One of the core values of a trust-based approach is to work for systemic equity, which should include a focus on racial equity. And while trust-based philanthropy and racial equity work are not identical nor interchangeable, both work hand-in-hand to advance a vision for a more just and equitable nonprofit sector. In short, a racial equity lens is needed in order to fully embody trust-based philanthropy, and trust-based philanthropy is a helpful framework to actualize racial equity within philanthropy. To learn more about the distinctions and correlations, you can review the guide on The Intersection of Trust-Based Philanthropy & Racial Equity.
While grantmaking is often the main tool funders think about in terms of impact, there are many other innovative ways to use your time, relationships, and resources to support your nonprofit partners and the communities you serve. Funders can leverage their established platform to spread the word about needed support and convene important partners, or can provide additional capacity to organizations beyond the check. Some look internally, and implement impact investing with the other 95% of their assets. And others support advocacy initiatives outside of their established grantmaking to shift the laws and policies that affect their work. This webinar will highlight different methods for providing support beyond grantmaking, and how to think through what can work for your philanthropy.
As a member of a marginalized community, I keep getting tasked with playing the “educator” or “teacher” in my institution. I’m a member of the communities we aim to serve, but I feel uncomfortable serving as a spokesperson or ambassador for my communities. I hold authentic relationships with these grantee-partners outside of philanthropy and feel pressure to represent the MULTIPLE perspectives of my communities. Help, what can I do?
It may seem the Census and Redistricting cycles have long concluded, but we continue to learn about details, impacts, and overall experience across the state. Various reports have lifted key findings and recommendations for all sectors to consider. Now more than ever, we must reflect on both cycles to build on the strategies and work of funders and nonprofit leaders. Equally imperative, we must incorporate recommendations and voices from our trusted partners to ensure fair representation for all Californians in future cycles.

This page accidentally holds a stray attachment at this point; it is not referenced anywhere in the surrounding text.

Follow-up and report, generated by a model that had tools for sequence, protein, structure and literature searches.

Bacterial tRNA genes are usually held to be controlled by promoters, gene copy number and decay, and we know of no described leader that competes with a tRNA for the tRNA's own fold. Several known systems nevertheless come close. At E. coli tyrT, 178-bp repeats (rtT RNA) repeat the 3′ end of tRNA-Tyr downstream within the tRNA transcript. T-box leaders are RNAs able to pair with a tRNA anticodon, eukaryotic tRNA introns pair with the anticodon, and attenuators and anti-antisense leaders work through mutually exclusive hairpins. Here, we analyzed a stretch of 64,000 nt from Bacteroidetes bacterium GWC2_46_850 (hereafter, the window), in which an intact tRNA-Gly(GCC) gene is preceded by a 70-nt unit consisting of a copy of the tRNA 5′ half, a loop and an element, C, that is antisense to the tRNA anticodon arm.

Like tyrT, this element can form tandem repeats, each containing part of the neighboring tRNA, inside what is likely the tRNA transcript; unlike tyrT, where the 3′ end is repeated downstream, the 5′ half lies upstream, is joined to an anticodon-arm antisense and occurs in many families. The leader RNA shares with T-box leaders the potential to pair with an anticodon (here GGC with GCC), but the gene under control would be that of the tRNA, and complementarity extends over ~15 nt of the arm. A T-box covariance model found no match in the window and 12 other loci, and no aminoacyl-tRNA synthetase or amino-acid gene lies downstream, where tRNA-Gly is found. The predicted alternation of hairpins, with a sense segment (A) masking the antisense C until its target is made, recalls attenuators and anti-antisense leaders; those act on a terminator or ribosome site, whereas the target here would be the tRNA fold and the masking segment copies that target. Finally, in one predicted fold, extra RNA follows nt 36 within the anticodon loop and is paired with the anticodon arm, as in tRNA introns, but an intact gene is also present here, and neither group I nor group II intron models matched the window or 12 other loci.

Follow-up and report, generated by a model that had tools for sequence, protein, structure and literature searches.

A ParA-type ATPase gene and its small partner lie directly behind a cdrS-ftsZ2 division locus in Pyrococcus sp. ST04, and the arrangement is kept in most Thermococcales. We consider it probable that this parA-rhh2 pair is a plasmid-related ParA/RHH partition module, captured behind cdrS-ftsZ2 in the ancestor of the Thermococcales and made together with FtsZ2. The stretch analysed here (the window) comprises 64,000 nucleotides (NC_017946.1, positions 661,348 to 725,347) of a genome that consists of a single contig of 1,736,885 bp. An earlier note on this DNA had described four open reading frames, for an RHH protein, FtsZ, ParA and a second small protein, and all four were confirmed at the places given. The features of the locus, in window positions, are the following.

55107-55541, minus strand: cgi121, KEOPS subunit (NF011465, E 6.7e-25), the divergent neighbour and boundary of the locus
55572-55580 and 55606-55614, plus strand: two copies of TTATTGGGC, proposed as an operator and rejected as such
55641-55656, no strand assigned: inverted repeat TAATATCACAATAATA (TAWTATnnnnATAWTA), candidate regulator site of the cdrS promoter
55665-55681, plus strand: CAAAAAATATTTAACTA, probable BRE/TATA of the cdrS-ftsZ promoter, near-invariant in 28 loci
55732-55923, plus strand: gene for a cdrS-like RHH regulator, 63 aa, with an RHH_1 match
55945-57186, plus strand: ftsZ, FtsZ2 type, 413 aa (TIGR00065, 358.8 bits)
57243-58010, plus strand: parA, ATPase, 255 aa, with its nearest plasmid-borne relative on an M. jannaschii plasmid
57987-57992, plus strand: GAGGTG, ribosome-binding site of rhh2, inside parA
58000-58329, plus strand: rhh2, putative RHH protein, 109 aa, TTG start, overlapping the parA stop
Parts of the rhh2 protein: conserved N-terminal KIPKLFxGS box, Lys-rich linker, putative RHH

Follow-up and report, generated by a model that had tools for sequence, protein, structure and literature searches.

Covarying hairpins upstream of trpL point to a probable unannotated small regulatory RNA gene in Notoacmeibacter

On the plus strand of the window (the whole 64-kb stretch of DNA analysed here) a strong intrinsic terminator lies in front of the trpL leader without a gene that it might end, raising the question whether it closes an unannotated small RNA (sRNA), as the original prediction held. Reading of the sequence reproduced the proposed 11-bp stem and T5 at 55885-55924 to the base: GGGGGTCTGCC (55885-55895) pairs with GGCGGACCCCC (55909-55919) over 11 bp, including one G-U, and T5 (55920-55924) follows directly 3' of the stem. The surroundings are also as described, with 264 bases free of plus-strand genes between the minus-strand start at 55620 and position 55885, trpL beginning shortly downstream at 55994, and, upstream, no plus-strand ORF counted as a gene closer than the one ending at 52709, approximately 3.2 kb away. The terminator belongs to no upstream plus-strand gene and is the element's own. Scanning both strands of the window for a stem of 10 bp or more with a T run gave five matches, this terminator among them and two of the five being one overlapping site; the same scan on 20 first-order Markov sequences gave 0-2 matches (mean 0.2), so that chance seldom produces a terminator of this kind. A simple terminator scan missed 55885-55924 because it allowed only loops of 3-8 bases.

Achieving racial equity and sustaining a viable democracy go hand in hand. NCG defines democracy as the processes, systems, and structures for historically marginalized and underrepresented community members to participate in a political system that fulfills the promise of an equitable multi-racial society. Northern California is a region that can model this approach, ensuring that people of color and other communities historically underrepresented and marginalized in our political process fully engage in the democratic process.
In the last year alone, Californians have experienced the impacts of multiple climate disasters including severe drought, extreme heatwaves, earthquakes, catastrophic wildfires, and now several back-to-back Atmospheric Rivers. Climate change will only continue amplifying the risk that Californians face from natural hazards. We can’t keep doing business as usual philanthropy to meet the scope of our current reality.
We recently lost a powerhouse in our field. Gwen Walden was the Senior Managing Director at Arabella Advisors' San Francisco office. She had a long history in our community and sector serving on the Boards of the East Bay Community Foundation, the Surdna Foundation, and the Breast Cancer Fund.